Symptoms of scurvy caused pirates to appear pale with splotchy skin and led to swollen, bleeding gums, putrid breath, tooth loss, and severe pain in the joints. If left untreated, scurvy resulted in a horrifying death. From 1492 to the mid-1800s, scurvy is estimated to have killed over two million seamen.[3]

Blood Infections Led to Amputations and Death

The lack of proper hygiene and unsanitary conditions aboard pirate ships led to a variety of ailments and infections. Even the tiniest wounds could become contaminated with bacteria, leading to serious blood infections. Many times, the wounds became so severely infected that the limb required amputation to prevent death — but amputation often resulted in death as well, so it was a difficult decision to make.

Dehydration Was Common Due to a Lack of Freshwater

Perhaps one of the most serious challenges the pirates faced was the lack of fresh water. Many pirates died due to dehydration.[4]

Drinking water was very hard to come by, and pirates spent weeks, months, and even years at sea. Not only did they have to plan routes for water stops, but when water was scarce, they had to ration the supply among crewmates. Even when they did have an ample supply of water, it sat in casks, eventually growing algae or bacteria, causing illness after consumption.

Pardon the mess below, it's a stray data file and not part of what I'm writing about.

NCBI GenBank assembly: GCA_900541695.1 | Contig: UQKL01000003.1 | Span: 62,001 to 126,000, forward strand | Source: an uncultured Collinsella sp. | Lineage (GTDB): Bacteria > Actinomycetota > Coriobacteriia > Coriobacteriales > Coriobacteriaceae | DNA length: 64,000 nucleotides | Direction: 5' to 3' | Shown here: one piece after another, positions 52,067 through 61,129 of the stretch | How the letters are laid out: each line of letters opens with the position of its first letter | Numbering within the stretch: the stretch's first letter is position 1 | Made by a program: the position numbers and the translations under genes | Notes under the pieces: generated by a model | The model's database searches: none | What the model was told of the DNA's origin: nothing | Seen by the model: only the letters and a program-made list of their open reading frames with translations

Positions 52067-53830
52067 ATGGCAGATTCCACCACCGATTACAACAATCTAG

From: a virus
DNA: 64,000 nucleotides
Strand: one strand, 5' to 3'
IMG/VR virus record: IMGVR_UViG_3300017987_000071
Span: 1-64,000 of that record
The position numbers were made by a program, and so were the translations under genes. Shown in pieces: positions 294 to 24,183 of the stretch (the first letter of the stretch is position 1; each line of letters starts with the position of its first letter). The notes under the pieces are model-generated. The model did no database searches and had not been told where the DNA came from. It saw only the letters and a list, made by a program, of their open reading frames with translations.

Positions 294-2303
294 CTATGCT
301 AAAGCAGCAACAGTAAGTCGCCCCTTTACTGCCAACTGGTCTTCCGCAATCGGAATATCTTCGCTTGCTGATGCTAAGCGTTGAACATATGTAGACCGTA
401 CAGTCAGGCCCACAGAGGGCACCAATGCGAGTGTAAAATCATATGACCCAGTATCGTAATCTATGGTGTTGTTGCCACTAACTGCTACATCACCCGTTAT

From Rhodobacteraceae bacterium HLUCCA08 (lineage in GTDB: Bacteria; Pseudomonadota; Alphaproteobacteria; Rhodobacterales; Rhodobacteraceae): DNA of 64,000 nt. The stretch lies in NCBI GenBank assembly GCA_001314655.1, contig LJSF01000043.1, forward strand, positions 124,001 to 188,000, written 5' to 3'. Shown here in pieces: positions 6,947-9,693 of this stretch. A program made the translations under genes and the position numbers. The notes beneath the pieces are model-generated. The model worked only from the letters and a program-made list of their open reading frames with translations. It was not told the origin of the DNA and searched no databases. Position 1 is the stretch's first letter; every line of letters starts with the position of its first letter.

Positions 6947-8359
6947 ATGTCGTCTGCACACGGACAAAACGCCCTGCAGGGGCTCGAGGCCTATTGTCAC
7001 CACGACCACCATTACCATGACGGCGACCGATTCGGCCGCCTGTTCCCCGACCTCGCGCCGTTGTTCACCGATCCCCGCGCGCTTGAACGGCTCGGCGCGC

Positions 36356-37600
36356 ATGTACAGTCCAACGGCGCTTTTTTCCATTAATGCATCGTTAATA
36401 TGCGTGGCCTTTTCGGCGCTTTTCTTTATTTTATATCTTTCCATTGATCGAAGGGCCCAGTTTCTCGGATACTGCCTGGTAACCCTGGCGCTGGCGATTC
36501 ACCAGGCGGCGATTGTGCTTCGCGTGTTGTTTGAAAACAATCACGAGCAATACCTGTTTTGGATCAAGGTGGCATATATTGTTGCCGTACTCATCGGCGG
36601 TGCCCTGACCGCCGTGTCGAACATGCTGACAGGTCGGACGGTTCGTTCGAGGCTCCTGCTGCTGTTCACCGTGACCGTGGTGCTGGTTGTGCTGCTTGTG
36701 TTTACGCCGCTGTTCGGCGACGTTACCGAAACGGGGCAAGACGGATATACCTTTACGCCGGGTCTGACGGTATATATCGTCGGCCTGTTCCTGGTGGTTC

Dysentery Killed Pirates Quickly

Dirty, crowded ships made it easy for disease to spread — and fast. Sir Francis Drake, pirate and circumnavigator, was one of many pirates who fell victim to the “bloody flux,” also known as dysentery.[5] Dysentery is caused by contaminated food or water and leads to inflamed intestines. The inflamed intestines result in bloody diarrhea, bacterial poisoning, dehydration, and if left untreated, death.[6]

Combat-Related Injuries Included Gunshot Wounds, Stabbing, Etc.

The pirate’s job was to raid ships and ports, stealing any valuable commodities worth selling on land. Of course, not every ship surrendered to the swashbucklers — most fought back. As such, pirates often succumbed to gunshot wounds, lacerations, or other fatal war injuries.

Ships were commonly hit with cannons, causing splintering projectiles and crushing injuries. If a vessel happened to capsize or sink, drowning was a very real possibility.

Accidental Injuries Often Led to Death

Manual labor was a requirement for crewmates, and there were no safety measures in place to prevent injuries. Each pirate played a vital role in the ship’s performance, keeping it afloat and moving efficiently across the high seas.